Govt needs to show earnestness in resolving CHT land disputes
THAT the Awami League-Jatiya Party government is yet to nominate a new chairman for the Chittagong Hill Tracts Land Dispute Commission although the fifth commission served out its tenure without resolving a single dispute tends to betray the indifference, if not downright unwillingness, to address a crucial component of the CHT Treaty, which was signed almost 15 years ago. The land secretary was quoted in a report front-paged in New Age on Friday that the ministry had sent a proposal ‘to the law ministry for the appointment of a new commission chairman’ and that it was ‘waiting for a reply.’ He would not, however, say if there would be a new chairman or the outgoing chairman would be reappointed, while sources in the CHT affairs and the land ministry hinted that the government was more inclined towards retaining the services of the outgoing chairman.
The question, however, is not only about the appointment of a new chairman or the reappointment of the outgoing chairman to the commission; it runs deeper. As the New Age report points out, the four previous commissions did not resolve a single dispute, either, giving rise to the obvious question as to what the utility of such a commission is if it cannot deliver on its mandated responsibility. Meanwhile, all the political parties of the hill people — the Parbatya Chattagram Jana Sanghati Samiti, the United People’s Democratic Front, and the Parbatya Chattagram Jana Sanghati Samiti (MN Larma) — have asserted that a new commission would do no good in dispute resolution unless certain clauses in the 2001 act governing the formation of the commission are amended. They insist that these clauses are antithetic to the spirit of the 1997 treaty.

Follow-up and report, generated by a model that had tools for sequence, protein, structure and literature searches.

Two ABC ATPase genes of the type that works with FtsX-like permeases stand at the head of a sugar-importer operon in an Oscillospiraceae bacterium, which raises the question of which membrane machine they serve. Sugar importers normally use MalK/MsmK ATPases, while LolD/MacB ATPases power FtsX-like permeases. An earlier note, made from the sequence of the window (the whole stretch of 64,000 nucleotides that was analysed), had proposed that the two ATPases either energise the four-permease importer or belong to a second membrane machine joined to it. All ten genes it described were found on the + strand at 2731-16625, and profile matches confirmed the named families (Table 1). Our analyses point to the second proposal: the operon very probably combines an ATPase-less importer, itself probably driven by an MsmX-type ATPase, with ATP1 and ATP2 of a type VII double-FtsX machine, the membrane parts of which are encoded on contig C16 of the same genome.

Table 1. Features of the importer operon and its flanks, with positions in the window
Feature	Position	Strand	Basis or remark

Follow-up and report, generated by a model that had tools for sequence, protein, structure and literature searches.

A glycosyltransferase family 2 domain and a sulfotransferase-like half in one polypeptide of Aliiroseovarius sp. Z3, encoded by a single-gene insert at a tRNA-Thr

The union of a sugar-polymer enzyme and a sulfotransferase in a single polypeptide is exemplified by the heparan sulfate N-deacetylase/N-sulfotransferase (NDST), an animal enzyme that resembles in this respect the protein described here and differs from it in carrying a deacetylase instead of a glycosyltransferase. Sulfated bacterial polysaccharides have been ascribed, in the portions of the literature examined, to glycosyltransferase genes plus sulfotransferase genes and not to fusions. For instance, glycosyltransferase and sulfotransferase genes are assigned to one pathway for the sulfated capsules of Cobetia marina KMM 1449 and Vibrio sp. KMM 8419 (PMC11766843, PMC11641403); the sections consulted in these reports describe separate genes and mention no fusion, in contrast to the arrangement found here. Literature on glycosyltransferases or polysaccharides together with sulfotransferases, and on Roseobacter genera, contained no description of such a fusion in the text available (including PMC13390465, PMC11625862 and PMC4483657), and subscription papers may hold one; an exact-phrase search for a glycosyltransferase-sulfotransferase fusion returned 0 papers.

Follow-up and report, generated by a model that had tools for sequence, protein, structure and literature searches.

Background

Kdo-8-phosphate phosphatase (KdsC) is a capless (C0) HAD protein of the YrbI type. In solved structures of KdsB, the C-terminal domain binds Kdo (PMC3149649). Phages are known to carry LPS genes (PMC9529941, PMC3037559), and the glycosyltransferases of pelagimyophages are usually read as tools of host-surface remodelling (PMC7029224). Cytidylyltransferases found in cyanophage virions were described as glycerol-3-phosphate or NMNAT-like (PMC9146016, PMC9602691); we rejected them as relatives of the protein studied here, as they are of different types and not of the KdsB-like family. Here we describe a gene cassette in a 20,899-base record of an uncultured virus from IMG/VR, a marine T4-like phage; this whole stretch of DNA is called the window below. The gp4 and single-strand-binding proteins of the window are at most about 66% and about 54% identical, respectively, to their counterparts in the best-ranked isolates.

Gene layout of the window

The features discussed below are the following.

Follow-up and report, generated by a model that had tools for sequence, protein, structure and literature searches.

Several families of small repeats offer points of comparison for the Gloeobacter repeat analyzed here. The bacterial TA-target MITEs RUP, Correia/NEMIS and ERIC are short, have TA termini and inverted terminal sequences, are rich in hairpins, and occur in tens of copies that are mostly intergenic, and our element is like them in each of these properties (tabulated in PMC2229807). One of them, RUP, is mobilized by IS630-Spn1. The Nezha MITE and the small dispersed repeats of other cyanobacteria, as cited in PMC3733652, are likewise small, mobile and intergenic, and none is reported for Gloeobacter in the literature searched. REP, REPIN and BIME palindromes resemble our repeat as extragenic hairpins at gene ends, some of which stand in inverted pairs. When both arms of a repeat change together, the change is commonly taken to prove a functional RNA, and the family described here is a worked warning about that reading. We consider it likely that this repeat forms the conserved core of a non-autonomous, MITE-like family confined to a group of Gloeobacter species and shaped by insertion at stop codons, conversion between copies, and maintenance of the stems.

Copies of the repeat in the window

On the whole, the dithering over the appointment of a new commissioner to the land dispute commission could only lend credence to the growing suspicion that the AL-Jatiya Party government is not serious and sincere about resolving the land disputes in particular and implementing the CHT treaty in general, just as its predecessors were not. What the incumbents need to realise such suspicion is not good either for the CHT region or the country in general. There have been more signs than one that the region is becoming increasingly volatile, with tension rising among and between the leading political entities there. Most importantly, the political entities appear to be becoming increasingly mistrustful about the intent of the government. Such suspicions and mistrusts need to be dispelled by the government with decisive and demonstrative actions — the sooner the better.
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